Other things can change the act/power/function of a name and this by introducing new things into the physical/discursive network which it marks. Within the drama of the play, Juliet and Romeo respectively enter into each other's networks, knitting them together, and changing the shape/flow of both.
Ironically, while the question of changing family names are a focal point of the play, we do not discover whether Romeo or Juliet take one another's names. The lack of the renaming ceremony, in fact the relative lack of (public) ceremony highlights the contingent discursive network of naming. That is: can Romeo be a Capulet or Juliet a Montague without the recognition of others?
The performative act of becoming married lacks the naming-function until it is publicly pronounced/revealed at the play's conclusion, after the lovers are already dead. Thus Romeo, who was present and effected by the marriage approaches Tybalt now as under a common name, they are functionally the same body/family. Tybalt on the other hand is unaffected by the marriage performative, leading into a brawl which ends in Mercutio's death, Tybalt's death and Romeo's exile. Likewise, Juliet refuses to marry Paris because she is effected by being named wife of Romeo, a shared identity of Romeo + Juliet that cannot admit another in the same manner (unless Romeo is named as dead or the performative annulled). Her parents however are unaffected and unaware of her renaming and thus press the marriage to Paris, causing her to take desperate measures.
The function of names is powerful, but contingent. A name can bestow subjectivity (Butler), can bestow authority/agency (Foucault), can sanction the integration of bodies (Deleuze and Guattari) and dictates the relation between bodies in a network (Romeo and Juliet) but each naming requires that the performative act be witnessed and received as felicitous. Of course, as Butler notes, this position of the name is unstable and incomplete. Thus we can see a reading of Romeo and Juliet as the failure of over-determined and under-determined bonds of naming.
That Name, which is no part of thee, Take All Myself
"[The Author] is a certain functional principle
by which in our culture one limits, excludes, and chooses;
in short, by which one impedes the free circulation,
the free manipulation, the free composition,
decomposition, and recomposition of fiction"
Michel Foucault, "The Author Function"
In the storytelling of Rome + Juliet, with the introduction of images and sound, other things may also be brought together physically and representationally to change the function of the words/names/networks. For instance, to mark the transition of Romeo's poetry from a simple listing of contradictions early in the play with Romeo's poetry of more subtle interplays later on, the movie sets up a parallel structure in the representation of Romeo as poet. When we first meet Romeo, he is sitting, smoking alone, composing his verse in a journal and recognizable music plays as he speaks. Later, in exile, we find Romeo, sitting, smoking alone, and composing his verse as the same recognizable music plays as he speaks. Both these scenes/lines exist in Shakespeare's text, but the movie uses other things to act on the scene which serve to connect them as parallel, but with notable differences: i.e. his poetry is better.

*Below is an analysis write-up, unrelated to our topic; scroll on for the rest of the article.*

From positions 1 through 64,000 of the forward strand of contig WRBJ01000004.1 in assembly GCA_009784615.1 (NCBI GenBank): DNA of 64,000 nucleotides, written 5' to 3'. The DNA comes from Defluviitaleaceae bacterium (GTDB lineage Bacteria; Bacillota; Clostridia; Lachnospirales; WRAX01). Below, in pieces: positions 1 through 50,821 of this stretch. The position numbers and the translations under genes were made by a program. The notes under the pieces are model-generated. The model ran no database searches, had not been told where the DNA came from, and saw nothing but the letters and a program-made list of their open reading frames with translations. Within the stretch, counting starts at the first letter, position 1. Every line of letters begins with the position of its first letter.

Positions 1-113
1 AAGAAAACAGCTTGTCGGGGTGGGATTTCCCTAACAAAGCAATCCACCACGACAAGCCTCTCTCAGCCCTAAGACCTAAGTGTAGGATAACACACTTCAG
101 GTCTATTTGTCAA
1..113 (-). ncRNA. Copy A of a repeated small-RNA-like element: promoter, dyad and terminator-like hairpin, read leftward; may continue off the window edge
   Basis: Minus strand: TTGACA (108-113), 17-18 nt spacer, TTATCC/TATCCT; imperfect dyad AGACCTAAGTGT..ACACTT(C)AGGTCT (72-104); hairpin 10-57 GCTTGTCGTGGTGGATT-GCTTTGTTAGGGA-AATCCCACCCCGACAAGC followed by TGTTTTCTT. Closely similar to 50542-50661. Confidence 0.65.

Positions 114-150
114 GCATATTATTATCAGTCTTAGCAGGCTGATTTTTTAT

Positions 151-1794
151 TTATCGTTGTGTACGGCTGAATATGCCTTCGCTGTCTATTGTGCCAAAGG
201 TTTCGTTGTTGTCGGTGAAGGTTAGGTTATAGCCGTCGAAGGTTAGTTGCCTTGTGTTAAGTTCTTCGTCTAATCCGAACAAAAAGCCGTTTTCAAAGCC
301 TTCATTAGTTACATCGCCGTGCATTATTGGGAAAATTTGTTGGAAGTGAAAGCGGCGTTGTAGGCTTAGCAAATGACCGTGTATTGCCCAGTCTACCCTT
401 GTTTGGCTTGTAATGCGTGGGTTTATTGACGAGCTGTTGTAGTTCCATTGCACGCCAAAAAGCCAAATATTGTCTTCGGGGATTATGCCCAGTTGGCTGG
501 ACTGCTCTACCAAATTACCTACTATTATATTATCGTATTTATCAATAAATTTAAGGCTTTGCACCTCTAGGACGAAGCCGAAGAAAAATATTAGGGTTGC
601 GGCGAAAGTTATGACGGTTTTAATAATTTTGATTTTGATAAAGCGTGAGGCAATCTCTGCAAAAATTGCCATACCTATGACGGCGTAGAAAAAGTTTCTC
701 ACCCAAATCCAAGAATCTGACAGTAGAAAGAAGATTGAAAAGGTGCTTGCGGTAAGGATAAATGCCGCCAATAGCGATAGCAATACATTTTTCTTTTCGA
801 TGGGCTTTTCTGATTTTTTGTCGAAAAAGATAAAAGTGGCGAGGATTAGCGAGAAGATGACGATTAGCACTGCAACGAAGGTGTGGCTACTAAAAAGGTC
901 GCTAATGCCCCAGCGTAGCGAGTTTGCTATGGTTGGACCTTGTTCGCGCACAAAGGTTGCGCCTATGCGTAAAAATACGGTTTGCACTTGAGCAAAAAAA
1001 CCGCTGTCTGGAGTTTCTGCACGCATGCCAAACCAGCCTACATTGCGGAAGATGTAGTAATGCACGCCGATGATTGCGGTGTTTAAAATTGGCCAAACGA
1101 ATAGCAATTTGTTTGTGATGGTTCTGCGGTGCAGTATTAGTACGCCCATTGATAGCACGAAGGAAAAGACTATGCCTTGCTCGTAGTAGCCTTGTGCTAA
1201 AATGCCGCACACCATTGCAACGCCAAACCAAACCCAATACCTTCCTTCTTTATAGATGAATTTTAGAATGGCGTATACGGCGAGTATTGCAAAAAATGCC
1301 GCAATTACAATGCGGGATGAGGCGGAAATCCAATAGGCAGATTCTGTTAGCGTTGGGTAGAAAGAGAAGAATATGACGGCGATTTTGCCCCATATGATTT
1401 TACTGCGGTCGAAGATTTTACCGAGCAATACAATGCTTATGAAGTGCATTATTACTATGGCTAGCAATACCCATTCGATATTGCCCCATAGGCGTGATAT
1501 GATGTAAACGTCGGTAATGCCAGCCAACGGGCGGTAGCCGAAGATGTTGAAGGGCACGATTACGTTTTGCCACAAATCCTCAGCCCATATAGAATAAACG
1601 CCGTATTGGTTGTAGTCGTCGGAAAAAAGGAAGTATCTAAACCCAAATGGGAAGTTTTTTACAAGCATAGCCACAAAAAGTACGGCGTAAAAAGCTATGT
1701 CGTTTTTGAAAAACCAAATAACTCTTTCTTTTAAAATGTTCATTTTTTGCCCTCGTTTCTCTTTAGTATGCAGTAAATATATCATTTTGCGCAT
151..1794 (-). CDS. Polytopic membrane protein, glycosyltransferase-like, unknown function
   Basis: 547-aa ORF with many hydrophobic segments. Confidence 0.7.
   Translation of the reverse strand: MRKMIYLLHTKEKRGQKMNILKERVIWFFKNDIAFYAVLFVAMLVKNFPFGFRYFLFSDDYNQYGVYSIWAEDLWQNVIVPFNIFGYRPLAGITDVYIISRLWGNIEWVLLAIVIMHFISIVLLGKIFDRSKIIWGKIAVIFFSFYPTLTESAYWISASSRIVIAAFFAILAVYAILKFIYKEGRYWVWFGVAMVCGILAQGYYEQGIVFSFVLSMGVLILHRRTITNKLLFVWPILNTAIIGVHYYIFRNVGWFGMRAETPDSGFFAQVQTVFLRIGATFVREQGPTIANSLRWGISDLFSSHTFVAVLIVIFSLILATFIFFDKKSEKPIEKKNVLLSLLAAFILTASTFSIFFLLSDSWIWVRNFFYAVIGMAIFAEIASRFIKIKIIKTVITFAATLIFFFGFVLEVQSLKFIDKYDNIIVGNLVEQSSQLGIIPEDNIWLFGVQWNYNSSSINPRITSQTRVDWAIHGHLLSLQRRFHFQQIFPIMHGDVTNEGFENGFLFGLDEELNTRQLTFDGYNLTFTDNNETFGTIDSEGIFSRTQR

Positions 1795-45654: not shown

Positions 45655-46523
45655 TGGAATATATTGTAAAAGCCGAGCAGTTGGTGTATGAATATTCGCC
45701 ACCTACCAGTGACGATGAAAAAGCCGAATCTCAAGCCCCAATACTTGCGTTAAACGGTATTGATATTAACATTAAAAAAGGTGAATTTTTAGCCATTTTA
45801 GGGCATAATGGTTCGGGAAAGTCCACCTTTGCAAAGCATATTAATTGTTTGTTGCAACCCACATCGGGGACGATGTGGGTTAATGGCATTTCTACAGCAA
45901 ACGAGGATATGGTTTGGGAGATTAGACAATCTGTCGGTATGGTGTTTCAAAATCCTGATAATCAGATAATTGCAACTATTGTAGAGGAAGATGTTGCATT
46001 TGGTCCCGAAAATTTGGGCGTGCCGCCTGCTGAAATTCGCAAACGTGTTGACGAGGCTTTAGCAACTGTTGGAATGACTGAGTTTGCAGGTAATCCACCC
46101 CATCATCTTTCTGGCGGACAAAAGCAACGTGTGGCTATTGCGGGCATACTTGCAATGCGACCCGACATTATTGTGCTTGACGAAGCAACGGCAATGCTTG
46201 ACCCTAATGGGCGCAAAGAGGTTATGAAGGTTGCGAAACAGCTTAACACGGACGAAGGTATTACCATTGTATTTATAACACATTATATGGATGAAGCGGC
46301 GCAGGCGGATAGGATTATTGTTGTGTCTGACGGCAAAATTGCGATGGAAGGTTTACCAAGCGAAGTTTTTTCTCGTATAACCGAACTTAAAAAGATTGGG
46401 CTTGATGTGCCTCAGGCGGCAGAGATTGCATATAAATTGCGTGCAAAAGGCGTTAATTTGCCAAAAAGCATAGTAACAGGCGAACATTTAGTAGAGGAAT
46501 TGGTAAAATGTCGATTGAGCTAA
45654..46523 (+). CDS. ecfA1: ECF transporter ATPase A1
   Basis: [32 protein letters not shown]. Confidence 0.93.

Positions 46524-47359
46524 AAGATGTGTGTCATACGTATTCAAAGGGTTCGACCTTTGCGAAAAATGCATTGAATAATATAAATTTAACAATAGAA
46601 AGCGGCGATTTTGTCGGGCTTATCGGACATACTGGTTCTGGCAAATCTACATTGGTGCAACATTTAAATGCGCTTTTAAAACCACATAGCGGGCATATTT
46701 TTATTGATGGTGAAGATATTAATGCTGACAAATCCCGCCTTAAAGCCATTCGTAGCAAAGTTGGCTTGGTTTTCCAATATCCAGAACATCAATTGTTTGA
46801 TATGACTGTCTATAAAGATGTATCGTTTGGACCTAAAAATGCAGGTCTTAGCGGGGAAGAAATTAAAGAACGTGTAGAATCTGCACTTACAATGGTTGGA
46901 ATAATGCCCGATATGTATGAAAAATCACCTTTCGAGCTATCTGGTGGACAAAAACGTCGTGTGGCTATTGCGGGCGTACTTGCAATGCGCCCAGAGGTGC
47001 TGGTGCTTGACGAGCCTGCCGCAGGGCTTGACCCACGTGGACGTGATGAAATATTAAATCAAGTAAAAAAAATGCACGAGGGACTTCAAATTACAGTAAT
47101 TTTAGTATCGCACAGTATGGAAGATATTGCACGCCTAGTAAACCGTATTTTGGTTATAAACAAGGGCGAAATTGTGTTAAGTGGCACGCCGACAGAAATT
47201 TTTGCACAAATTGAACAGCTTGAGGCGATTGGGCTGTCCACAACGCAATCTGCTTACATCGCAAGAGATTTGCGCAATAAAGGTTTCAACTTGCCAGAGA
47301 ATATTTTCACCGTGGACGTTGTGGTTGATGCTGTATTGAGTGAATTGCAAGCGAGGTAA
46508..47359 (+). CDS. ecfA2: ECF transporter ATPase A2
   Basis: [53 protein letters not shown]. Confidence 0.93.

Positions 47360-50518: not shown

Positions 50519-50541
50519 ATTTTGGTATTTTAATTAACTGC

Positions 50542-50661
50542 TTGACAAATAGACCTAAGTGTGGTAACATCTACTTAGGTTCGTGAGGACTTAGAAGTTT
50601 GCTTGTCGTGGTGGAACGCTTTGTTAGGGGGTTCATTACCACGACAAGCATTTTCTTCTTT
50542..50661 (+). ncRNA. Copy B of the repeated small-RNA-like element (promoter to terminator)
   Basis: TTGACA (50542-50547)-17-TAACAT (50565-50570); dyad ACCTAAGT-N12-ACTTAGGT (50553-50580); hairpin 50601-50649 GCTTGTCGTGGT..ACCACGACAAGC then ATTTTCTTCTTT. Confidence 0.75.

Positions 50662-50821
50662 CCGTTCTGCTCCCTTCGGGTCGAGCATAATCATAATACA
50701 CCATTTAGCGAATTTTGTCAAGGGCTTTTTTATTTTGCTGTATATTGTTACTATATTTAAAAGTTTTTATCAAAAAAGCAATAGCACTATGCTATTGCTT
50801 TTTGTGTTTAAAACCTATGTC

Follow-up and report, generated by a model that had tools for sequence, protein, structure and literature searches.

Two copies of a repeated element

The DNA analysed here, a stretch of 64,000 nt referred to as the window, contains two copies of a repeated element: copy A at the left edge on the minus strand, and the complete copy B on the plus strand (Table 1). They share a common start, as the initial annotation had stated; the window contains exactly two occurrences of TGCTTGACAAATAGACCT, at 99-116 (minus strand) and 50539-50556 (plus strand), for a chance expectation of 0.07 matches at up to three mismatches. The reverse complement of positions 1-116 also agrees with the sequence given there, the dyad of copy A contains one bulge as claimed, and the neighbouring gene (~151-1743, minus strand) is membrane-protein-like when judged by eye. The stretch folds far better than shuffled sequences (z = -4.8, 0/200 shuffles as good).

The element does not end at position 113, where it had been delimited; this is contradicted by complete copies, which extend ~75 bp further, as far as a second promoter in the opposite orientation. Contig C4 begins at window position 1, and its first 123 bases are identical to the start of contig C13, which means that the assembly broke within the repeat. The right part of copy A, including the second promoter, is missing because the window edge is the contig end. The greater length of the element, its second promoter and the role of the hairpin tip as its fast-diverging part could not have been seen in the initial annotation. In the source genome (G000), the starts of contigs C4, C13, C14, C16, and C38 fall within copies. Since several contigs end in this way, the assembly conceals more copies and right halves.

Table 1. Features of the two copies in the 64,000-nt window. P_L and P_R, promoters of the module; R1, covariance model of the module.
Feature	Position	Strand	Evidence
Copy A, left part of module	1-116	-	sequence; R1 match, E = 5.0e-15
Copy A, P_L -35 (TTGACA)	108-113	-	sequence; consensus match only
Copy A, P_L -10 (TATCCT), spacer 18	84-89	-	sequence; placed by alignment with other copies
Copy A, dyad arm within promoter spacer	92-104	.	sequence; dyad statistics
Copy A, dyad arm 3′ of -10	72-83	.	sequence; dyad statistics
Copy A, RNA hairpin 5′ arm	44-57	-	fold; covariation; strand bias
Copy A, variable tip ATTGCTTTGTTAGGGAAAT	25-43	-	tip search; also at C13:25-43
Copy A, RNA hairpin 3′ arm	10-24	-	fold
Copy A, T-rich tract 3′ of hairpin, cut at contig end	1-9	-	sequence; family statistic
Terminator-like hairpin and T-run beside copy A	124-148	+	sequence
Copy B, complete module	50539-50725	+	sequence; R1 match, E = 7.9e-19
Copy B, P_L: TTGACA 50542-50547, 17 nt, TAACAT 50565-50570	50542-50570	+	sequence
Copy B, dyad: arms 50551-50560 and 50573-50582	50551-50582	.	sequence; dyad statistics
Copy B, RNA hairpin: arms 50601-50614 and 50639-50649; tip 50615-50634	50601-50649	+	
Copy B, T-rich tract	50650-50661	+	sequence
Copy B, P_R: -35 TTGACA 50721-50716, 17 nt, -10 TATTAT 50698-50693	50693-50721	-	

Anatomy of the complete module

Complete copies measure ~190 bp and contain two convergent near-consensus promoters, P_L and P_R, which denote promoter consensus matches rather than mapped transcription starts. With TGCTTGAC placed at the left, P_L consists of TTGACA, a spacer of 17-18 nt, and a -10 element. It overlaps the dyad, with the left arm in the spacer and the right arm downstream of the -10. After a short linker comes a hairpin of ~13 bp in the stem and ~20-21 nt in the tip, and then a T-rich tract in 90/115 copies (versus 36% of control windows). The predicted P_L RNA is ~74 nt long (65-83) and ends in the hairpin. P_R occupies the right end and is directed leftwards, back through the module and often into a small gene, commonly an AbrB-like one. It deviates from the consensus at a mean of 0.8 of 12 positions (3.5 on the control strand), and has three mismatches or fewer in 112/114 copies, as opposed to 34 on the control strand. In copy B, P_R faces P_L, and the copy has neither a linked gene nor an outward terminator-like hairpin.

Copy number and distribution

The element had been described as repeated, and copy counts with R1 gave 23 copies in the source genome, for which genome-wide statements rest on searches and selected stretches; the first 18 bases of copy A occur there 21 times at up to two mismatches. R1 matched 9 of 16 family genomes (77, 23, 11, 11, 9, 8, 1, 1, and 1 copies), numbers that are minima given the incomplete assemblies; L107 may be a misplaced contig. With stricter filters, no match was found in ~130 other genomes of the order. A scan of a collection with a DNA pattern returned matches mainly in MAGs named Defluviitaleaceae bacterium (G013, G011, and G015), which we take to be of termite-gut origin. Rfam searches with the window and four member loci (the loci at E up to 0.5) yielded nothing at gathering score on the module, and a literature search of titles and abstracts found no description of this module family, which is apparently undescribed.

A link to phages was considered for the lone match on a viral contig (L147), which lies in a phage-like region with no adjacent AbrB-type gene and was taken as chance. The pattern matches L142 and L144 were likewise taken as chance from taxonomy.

Another such instance, these are marked/named by the introduction of new actants, specifically Juliet and water. When we first meet Juliet, she is shown through the water of a tub. When Romeo first meets Juliet, she is shown through a fish tank. When Romeo and Juliet have their rising action (the marriage proposal/balcony scene) we see Juliet marked with the reflective light of a pool, then through the pool water when she and Romeo fall into it. After their climax (literally and dramatically) the lovers rework the classic argument "is that the morning bird or the nightingale?" while under the blankets, which stand in for the flow of being under water. At last in the epilogue, just after the lovers die, we are shown these exact scenes, finally resting on the image of their underwater kiss.
While this storyline exists in the text, the introduction of the water into the physical / representational space of the lines marks these scenes as participating in a network and flowing in a certain direction; in other words, it NAMES the network. The act/function of naming does not necessarily create new things or separate them from other networks, but draws out attention to regard certain things as together in a set, in a certain way.
So as we see, naming as a function and naming ability to be plastic (i.e. our ability to name any number of things) does not mean that an author/name is universalized or negated. By naming things we mark different things in a network and different networks to draw attention to how they act in certain ways and thus inform us on how we might inter-act or change with them. Thus as noted, Romeo and Juliet might live, we might appreciate the text in new ways, a transgender person may be recognized by their gender, or a confirmed Catholic might be recognized as a member of the Church, if a community is able to participate in the act of naming, which is an ongoing, incomplete, unstable, and dynamic production of identity.